Shir Tikvah’s History

Shir Tikvah Building

Shir Tikvah’s current building in Minneapolis

Since that time, Shir Tikvah has grown to be a congregation of over 400 families.9 After twenty years, Rabbi Offner left Shir Tikvah to take a position as one of the Vice Presidents at the Union for Reform Judaism in N.Y., serving as the first out lesbian at that level of leadership in the movement. Her position as Vice President didn’t last long, however, as she became a congregational rabbi once again at Temple Beth Tikvah in Connecticut.10 As a result, the congregation has since been dealing with the process of losing a founding rabbi and adapting to new people of leadership and a new hierarchy. Once Rabbi Offner left, there was a need for a rabbinical search, which had never taken place before due to the fact that Offner had been hired just a few minutes after the congregation was founded. During the search for the new Rabbi, Shir Tikvah had an interim Rabbi, Sharon Steefel, for a year. Rabbi Steefel was the rabbi at the Hillel at the University of Minnesota for thirteen years and was thinking about becoming a congregational rabbi. Nevertheless, it was understood that when she was hired it would be under a one-year contract. Following Rabbi Steefel, Rabbi Latz was hired, who continues to be the Rabbi of Shir Tikvah today. The change in Rabbis lead to other position changes as well, such as David Harris, Shir Tikvah’s music director leaving and Wendy Kahn coming in, as well as the position of Director of Lifelong Learning. Other changes have taken place as well, including changes in music and changes in various programs.11 While some of the original congregation is gone and much has changed, many the values present in the founding of Shir Tikvah play an integral part of the community’s life and who the community wants to be.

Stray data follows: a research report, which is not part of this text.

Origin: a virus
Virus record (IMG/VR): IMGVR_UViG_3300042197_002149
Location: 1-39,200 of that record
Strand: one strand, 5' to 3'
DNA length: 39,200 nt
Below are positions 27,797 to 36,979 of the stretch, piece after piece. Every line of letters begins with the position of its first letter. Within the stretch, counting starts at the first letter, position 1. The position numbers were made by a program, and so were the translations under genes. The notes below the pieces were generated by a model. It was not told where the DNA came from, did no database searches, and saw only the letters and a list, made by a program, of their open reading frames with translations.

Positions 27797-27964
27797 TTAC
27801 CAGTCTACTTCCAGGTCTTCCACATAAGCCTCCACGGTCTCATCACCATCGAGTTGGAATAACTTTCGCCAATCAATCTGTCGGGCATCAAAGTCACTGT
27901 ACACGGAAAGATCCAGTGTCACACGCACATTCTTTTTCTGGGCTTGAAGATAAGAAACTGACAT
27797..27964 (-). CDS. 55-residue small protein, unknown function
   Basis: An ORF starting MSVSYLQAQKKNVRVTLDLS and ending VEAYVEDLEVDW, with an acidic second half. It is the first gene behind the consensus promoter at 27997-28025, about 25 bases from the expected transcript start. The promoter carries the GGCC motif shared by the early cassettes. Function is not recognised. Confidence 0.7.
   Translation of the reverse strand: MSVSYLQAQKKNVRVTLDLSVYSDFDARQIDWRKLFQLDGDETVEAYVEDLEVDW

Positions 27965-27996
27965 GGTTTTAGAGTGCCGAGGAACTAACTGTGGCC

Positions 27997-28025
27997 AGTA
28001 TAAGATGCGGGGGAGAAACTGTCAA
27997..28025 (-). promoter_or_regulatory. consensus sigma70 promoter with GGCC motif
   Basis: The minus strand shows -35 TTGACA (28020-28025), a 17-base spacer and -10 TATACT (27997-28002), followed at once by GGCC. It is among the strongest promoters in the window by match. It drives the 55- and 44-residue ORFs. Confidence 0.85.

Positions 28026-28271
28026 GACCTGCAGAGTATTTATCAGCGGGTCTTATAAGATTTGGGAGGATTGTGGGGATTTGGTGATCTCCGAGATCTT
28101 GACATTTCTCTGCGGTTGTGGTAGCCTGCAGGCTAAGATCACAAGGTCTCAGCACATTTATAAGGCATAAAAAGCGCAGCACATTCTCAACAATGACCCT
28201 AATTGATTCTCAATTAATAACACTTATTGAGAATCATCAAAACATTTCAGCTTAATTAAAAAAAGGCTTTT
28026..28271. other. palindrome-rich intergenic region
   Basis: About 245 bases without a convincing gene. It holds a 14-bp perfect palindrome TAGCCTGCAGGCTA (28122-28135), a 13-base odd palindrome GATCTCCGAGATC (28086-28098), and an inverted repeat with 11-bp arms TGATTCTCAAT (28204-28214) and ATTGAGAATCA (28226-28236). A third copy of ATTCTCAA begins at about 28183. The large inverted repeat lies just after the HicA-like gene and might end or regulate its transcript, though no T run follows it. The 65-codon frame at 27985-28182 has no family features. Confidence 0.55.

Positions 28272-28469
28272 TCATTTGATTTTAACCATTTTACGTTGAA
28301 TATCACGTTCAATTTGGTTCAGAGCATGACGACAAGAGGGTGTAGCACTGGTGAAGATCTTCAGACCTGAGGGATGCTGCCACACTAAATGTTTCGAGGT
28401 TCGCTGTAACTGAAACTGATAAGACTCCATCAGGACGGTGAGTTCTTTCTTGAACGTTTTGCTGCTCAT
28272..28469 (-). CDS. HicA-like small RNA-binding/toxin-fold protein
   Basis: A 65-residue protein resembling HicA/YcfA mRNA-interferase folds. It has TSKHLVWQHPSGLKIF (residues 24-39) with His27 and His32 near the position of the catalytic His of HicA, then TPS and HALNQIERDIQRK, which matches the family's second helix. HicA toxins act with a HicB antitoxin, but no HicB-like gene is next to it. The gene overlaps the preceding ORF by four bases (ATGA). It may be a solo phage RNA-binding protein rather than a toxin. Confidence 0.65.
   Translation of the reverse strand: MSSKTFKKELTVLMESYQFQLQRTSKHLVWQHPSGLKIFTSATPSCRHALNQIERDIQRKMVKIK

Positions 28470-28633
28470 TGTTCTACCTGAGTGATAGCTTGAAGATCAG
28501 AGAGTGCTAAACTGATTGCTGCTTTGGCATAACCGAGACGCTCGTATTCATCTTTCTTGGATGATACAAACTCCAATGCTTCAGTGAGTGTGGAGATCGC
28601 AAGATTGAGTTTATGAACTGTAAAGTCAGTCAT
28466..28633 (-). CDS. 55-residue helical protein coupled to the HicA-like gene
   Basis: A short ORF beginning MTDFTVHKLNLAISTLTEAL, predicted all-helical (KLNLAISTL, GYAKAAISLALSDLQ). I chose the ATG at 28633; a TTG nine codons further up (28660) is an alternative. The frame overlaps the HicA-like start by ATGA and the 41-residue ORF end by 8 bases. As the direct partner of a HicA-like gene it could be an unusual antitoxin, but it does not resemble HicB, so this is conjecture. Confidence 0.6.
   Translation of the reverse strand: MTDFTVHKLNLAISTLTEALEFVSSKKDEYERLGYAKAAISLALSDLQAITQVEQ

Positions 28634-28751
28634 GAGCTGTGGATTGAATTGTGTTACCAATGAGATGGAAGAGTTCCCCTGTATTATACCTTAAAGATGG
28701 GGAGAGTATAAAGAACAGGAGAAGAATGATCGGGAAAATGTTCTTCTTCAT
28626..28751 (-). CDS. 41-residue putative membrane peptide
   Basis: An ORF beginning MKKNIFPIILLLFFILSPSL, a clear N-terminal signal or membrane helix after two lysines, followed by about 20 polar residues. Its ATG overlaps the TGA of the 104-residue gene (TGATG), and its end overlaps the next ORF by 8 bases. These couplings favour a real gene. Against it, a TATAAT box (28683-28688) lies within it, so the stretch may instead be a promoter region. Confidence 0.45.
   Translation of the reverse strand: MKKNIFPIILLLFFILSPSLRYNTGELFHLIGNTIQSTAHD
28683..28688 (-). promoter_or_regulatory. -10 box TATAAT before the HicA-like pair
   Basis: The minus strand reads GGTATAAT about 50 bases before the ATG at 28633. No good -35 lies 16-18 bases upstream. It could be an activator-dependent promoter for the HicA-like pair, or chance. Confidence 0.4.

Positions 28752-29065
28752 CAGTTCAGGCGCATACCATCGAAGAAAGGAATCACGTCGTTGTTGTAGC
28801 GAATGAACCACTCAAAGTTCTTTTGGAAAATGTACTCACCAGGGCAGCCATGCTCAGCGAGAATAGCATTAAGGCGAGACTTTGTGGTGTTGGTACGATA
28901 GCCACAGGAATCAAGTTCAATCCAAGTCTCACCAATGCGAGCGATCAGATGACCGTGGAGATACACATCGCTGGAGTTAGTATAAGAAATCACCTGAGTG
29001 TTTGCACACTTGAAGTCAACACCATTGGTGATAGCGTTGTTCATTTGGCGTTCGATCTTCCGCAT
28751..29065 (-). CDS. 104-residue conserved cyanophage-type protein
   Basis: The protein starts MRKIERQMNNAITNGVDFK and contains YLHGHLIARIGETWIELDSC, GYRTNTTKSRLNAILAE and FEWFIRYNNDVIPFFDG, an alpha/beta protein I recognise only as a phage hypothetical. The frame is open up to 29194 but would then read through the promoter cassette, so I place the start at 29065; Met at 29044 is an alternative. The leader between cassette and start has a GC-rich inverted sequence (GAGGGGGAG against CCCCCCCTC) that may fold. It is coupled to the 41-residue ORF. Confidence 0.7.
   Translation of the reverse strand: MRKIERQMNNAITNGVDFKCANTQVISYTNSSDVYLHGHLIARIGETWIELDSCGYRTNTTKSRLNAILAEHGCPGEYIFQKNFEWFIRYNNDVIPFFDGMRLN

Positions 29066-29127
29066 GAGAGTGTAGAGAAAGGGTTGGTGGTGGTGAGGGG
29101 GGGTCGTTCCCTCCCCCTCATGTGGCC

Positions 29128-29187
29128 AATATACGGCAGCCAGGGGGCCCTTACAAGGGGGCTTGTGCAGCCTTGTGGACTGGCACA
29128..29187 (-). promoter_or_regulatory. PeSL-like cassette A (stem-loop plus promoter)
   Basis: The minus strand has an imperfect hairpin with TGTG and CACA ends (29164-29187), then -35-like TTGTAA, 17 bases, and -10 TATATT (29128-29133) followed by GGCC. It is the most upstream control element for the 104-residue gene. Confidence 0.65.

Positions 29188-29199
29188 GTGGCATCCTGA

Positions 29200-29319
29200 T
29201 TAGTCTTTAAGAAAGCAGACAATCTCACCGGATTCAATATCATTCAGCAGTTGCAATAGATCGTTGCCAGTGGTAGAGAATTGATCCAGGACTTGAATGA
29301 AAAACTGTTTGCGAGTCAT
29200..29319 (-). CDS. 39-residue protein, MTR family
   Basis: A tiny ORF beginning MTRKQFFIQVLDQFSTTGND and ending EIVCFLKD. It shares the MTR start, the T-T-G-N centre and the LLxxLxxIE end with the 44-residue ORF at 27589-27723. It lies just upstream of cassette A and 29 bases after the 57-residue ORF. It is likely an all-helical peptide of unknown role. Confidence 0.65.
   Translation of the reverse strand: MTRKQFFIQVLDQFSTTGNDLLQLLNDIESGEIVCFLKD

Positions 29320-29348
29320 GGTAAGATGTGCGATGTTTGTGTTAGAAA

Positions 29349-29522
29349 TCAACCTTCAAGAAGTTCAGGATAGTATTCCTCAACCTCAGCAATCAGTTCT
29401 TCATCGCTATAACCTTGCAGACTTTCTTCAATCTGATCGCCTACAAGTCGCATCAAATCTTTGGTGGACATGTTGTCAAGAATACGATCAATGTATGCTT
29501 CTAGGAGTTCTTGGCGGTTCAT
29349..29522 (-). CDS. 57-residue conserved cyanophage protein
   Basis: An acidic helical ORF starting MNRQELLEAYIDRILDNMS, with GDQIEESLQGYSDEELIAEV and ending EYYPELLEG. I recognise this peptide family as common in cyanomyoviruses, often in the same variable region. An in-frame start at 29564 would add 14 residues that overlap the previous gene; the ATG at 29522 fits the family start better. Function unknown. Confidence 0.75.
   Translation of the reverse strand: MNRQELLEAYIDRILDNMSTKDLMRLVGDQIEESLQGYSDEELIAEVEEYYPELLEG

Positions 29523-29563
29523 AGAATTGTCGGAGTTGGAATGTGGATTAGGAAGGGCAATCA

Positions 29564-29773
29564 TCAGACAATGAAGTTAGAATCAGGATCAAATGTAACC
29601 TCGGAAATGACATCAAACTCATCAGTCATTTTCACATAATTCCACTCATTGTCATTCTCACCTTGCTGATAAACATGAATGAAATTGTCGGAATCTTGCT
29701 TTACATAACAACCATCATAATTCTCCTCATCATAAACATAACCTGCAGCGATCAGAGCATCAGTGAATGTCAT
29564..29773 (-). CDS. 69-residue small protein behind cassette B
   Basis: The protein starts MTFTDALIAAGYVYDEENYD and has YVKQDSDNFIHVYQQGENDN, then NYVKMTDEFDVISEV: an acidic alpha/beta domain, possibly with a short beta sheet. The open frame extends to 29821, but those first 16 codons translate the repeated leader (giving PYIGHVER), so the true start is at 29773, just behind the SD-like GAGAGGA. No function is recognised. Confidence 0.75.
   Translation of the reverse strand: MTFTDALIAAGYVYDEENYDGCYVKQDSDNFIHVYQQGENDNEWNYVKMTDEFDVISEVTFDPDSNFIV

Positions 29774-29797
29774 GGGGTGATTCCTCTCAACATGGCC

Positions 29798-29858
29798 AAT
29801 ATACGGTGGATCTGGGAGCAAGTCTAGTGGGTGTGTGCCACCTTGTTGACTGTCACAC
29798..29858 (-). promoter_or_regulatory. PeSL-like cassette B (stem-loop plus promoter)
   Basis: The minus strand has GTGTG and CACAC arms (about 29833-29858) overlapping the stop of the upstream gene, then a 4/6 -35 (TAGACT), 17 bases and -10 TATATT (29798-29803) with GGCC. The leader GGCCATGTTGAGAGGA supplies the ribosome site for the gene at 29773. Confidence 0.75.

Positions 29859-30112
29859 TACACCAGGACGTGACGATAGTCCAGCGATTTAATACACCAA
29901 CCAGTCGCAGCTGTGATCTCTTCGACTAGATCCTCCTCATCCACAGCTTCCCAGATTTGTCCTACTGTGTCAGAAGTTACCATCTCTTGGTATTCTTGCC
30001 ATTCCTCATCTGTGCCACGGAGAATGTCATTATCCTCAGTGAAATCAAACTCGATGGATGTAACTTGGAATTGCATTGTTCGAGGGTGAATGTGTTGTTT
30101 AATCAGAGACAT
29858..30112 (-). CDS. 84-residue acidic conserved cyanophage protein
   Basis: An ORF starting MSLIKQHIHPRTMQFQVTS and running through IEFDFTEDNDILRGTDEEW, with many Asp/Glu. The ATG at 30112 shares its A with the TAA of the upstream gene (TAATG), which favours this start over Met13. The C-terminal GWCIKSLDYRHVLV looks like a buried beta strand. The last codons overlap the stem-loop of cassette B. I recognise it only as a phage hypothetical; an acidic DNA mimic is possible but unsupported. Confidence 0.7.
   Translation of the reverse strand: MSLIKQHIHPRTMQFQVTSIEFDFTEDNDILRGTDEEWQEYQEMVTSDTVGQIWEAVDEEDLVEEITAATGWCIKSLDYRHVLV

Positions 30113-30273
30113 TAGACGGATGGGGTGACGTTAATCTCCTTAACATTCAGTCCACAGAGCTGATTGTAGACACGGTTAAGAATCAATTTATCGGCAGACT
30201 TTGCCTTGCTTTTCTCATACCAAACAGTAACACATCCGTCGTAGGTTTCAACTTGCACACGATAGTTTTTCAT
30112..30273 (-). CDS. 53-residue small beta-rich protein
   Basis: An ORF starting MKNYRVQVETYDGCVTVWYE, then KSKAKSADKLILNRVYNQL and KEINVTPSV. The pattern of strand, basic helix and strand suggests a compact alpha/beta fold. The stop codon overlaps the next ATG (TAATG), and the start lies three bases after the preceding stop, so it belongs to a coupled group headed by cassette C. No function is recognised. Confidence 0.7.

1. John Humleker, interview by author, 10 15, 2013

  1. “Offner, Stacy.” Encyclopaedia Judaica. 2007.

  1. Cookie Montgomery, interview by author, 11 1, 2013